ORRVILLE, OH (CBSMiami) – With a name like Bustelo, it has to be good. At least, what’s what the Smucker’s Jam people seem to think. Monday, they announced they have purchased the Miami coffee-roasting company which makes Cafe Bustelo for $360 million in cash. However, the sale could mean the end of an era in South Florida.
Rowland Coffee Roasters Inc., headquartered in Miami, specializes in Hispanic coffee brands such as Cafe Bustelo and Cafe Pilon, which have their biggest sales in South Florida and parts of the Northeast with a large Cuban-American population.READ MORE: Parkland Activist Dad Fred Guttenberg Joins Anti-Gun Group
The coffee has been manufactured in Miami and distributed from South Florida for decades, but Smucker said Monday that once the deal is completed, it will eventually end manufacturing operations in South Florida and consolidate them at it’s other coffee manufacturing facility in New Orleans.
Smucker is already a major player in the coffee business, selling the Folgers and Dunkin’ Donuts brands.READ MORE: Keep An Eye Out For Fake GoFundMe Scams Claiming To Help Fallen Officer Yandy Chirino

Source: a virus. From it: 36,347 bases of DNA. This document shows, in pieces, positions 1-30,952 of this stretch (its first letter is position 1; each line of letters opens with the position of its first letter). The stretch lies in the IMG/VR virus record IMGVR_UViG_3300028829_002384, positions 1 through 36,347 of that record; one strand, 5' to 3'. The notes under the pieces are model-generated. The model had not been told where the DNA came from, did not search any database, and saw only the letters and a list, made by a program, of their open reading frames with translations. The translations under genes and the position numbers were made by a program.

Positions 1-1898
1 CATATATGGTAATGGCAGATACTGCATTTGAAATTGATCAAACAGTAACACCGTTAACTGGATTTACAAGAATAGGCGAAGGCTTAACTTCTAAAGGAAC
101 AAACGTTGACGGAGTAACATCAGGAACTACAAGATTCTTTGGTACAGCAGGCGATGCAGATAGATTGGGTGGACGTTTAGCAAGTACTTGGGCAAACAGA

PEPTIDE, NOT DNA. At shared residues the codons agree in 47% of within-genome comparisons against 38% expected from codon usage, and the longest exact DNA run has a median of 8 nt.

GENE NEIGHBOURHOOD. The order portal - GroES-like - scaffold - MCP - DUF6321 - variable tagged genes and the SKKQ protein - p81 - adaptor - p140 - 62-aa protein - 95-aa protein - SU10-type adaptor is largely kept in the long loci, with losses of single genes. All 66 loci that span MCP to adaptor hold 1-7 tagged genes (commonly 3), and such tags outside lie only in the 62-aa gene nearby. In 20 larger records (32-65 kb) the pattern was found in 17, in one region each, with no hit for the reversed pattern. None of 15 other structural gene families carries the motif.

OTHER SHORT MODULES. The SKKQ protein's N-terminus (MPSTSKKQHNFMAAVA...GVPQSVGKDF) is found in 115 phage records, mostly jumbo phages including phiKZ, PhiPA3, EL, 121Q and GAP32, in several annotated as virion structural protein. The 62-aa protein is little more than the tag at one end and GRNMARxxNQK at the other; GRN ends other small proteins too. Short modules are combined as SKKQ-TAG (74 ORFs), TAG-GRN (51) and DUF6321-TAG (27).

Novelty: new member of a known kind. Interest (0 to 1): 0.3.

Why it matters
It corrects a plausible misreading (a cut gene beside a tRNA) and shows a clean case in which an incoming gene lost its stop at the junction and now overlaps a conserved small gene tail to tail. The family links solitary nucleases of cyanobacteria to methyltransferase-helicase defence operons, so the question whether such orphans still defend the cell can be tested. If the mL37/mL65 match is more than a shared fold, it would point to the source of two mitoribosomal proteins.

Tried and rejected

Rowland is a leading producer of espresso coffee in the U.S, generating more than $110 million in revenue during 2010. It is a staple of Cuban coffee, a dense, sweet expresso sold in restaurants, cafeteria windows, and just about everywhere else in South Florida.
J.M. Smucker, also makes other products like Crisco shortening and it’s namesake jams.
The deal includes Rowland’s manufacturing, distribution and office facility in Miami. The company is currently in a regulatory “quiet period” and as a result, won’t discuss the deal further until June 9, when it reports its fourth-quarter results.MORE NEWS: Supply Chain Issues: 'There Really Are Problems Everywhere,' Even For Small Companies
It was not known when manufacturing operations in Miami would end, or how many jobs might be affected, but The Wall Street Journal reported consolidation should take place within 3 years.